Training and fairer payments would increase caries prevention in practice

Susan J. Carson, Ruth Freeman

    Research output: Contribution to journalArticlepeer-review

    2 Citations (Scopus)


    Data sourcesPubMed, Embase, PsycoInfo, Scielo, Scopus, Web of Science, BBO, Lilacs and York databases supplemented by Google scholar.
    Study selectionQualitative studies with findings derived from individual or group interviews and structured questionnaires reporting factors that drove dentists towards or away from incorporating caries preventive measures were considered. Two reviewers conducted selection independently.
    Data extraction and synthesisData were abstracted independently by two reviewers and a qualitative metasummary carried out. This involves the extraction, grouping and formatting of findings and the calculation of frequency and intensity effect sizes in order to provide mixed research syntheses and to conduct a posteriori analyses of the relationship between reports and findings.
    ResultsSeven qualitative studies and 41 surveys (36,501 participants) were included. The reports were grouped together into six categories that were judged to be topically similar; education and training, personal beliefs, work conditions, remuneration, gender, place of residence and patients. Biologicism (27%), low remuneration (25%), length of time since graduation (22%) and male dentists (19%) were found to be the highest frequency effect size driving dentists away from using preventive approaches, and team work (21%), post-graduation (12%) and professional understanding of the benefits (12%) were identified as the main reasons for dentists' adherence to preventive measures.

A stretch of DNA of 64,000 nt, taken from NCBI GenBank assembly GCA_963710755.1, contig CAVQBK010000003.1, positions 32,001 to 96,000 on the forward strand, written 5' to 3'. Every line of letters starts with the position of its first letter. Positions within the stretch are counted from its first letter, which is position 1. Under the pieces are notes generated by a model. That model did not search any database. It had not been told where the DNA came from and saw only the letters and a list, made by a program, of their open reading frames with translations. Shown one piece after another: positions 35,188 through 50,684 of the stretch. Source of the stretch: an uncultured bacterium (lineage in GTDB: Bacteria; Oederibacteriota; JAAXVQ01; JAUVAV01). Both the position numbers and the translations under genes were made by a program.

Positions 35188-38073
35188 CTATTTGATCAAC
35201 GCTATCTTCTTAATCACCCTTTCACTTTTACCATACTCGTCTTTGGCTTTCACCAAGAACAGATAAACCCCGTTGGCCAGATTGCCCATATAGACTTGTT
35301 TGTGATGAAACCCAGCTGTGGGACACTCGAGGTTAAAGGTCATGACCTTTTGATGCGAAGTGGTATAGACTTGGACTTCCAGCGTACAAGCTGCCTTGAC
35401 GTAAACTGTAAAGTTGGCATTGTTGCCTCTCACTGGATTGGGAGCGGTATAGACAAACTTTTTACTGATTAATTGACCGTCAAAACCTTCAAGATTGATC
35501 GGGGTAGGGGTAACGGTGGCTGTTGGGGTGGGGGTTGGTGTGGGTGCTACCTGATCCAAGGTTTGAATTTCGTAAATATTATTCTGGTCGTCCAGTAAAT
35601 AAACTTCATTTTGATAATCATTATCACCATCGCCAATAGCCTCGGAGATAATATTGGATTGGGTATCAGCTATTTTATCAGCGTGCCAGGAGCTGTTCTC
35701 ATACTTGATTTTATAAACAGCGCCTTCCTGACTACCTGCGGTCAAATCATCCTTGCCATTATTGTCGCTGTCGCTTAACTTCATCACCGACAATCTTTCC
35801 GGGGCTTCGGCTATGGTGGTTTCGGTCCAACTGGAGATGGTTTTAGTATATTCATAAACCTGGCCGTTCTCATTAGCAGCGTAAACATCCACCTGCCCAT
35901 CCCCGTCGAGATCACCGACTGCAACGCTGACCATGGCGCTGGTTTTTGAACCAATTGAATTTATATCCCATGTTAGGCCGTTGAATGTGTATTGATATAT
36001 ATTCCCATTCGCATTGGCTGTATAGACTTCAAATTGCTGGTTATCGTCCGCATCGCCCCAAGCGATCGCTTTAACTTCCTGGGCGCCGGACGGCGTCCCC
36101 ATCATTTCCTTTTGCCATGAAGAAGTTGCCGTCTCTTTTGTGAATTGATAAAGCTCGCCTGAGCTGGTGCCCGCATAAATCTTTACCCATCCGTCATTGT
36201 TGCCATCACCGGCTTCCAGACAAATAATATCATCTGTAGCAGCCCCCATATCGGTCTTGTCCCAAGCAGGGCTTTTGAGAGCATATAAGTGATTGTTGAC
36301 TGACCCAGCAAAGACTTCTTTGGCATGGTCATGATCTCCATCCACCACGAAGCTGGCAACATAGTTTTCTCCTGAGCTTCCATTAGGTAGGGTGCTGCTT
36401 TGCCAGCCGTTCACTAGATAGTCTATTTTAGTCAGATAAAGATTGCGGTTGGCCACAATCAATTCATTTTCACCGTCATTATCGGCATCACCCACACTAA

ConclusionsDespite the questionable quality of the included reports the evidence that emerged seems to indicate that further education and training coupled with a fairer pay scheme would be a reasonable approach to change the balance in favour of the provision of dental caries preventive measures by dentists. The results of this review could be of value in the planning and decision-making processes aimed at encouraging changes in professional dental practice that could result in the improvement of the oral health care provided to the population in general.
    Original languageEnglish
    Pages (from-to)6-7
    Number of pages2
    JournalEvidence-Based Dentistry
    Issue number1
    Publication statusPublished - 28 Mar 2015

    ASJC Scopus subject areas

    • General Dentistry


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